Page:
Why Articulate A National Space Policy: The Indo-Pacific Context
Though the emerging security competition in the Indo-Pacific region gets a lot of attention, much of that is limited to the diplomatic and military maneuvers. The competition also has far flung corollaries. Outer space is one such. As access to outer space becomes more important with each passing year, there is a growing tussle accelerated by conflicts and competition on earth.
The Indo-Pacific region is seeing an increase in the number of countries interested in space. The necessity of access to outer space for national economic development is well understood. But space can also be used for military and security purposes. Space technology is dual use. While these technologies have uses in the civilian sector, there are also military and security purposes that are increasingly driving the space programs.
However, most countries have not thought through carefully their civilian and military requirements in space and how best to devote scarce resources to achieve these requirements. It will help if governments in the region develop and publish their own national space policies. There are multiple benefits for the Indo-Pacific powers to articulate their aspirations for space. This article outlines four specific reasons why it would be beneficial.
One, a declared space policy clarifies and outlines a long-term perspective on what space is meant to do, especially in combining national development and security purposes. A long-term perspective on space should ideally begin by developing national aims that sets out where a country wants to be in a 30-year timeframe. Accordingly, its space policy and program must be developed to assist in that national vision. This national vision should translate to sector-specific national policies within the space and technology arena. Such strategy outlines should ideally be done by the political leadership rather than by the space or the scientific bureaucracy, though they also need to be part of the deliberations. This broader political perspective is necessary because outer space and technologies related to it is not just about technology development or acquisition. It must also fit within the context of broader national developmental and security goals.
Two, an open space policy and published statements will allay fears, build trust and confidence, and remove ambiguities. These can strengthen efforts at reducing wariness and tensions between different countries and improve transparency, which are important in today’s regional and global context. This is particularly important in the Indo-Pacific which has been seeing increasing competition and rivalry between the major powers. Even small steps aimed at improving transparency and confidence in the region can be enormously beneficial and bring down the regional insecurities at least in small measures. It can also be an effective messaging tool for external audiences. While the internal audience, in terms of different ministries and departments, is important, the external dimension needs to be paid particular attention to. It must be written clearly to avoid risks of misperception and in a manner that does not accentuate regional anxieties and insecurities. Therefore, how the external audience will perceive one’s goals and future plans, must be factored in while writing one’s space policy.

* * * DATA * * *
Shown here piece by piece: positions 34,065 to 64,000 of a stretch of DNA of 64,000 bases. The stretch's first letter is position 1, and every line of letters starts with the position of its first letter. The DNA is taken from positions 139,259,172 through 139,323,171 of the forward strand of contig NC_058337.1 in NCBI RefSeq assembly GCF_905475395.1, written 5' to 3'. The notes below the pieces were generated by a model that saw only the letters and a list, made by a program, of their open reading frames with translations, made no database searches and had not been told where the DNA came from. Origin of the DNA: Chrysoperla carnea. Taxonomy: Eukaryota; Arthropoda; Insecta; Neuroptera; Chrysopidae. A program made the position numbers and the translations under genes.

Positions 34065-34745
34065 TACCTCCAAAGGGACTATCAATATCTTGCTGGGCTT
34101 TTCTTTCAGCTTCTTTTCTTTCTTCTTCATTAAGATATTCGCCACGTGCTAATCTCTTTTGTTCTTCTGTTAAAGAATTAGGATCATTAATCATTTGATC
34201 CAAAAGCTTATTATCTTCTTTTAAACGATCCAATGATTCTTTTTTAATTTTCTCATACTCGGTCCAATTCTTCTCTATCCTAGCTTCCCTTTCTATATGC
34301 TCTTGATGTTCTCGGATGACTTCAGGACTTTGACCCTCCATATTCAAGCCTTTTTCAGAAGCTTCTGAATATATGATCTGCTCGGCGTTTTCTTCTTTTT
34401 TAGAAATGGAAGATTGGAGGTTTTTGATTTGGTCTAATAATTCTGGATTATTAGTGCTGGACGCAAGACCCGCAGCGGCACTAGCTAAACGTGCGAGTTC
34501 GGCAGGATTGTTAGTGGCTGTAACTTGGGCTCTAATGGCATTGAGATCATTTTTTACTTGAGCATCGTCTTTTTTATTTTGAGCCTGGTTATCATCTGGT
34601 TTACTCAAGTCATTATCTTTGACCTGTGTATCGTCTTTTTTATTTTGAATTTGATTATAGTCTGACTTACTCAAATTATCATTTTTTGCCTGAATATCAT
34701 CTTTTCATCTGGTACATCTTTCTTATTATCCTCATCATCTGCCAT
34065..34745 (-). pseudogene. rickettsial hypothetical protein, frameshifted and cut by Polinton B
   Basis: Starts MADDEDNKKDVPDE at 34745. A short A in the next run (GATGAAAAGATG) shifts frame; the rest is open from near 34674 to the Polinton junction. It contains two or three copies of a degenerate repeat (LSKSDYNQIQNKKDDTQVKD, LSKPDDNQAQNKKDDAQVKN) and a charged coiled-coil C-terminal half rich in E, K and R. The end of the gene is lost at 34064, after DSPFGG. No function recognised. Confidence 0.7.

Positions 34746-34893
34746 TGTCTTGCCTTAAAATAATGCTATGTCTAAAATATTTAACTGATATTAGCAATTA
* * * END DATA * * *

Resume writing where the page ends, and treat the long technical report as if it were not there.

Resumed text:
Third, national space policies must also be framed to give opportunities for private sector involvement. Especially in the post-COVID world, state resources are likely to be stretched because of the need for dealing with after-effects of the pandemic, thus leaving little for areas such as space technology development. Private sector can easily supplement state resources and such private enterprise should be encouraged to fill in the gap. The role of private sector in the area of global governance can also be enhanced though this needs to be negotiated with other countries.
Last but not the least, the most important rationale of this exercise should be to create a better understanding of the future a country wants to see in space and decipher the behaviors that may be counterproductive in materializing those goals. Such an understanding could be useful in reviewing one’s space program, devising new priorities internally while working to create externally appropriate governance framework that would facilitate realization of those goals. A national space policy document can also be used to spell out a country’s commitment to global governance measures including transparency and confidence building measures (TCBMs) and norms of responsible behavior. Some of the broader TCBMs in the area of space traffic management include pre-launch notifications, standards for small satellites to ensure tracking, and space situational awareness data exchange.
Framing of national space policies can help thinking through the problems of global governance and how enlightened national interest can help in creating a global outer space regime. This ensures better global governance of outer space and security of the national interest.
All of these are good reasons for developing national space policies and publicizing them. These should provide sufficient rationale for the Philippines to also outline a space policy in the open.
Dr. Rajeswari Pillai Rajagopalan is Distinguished Fellow, and Head of the Nuclear & Space Policy Initiative, Observer Research Foundation, New Delhi.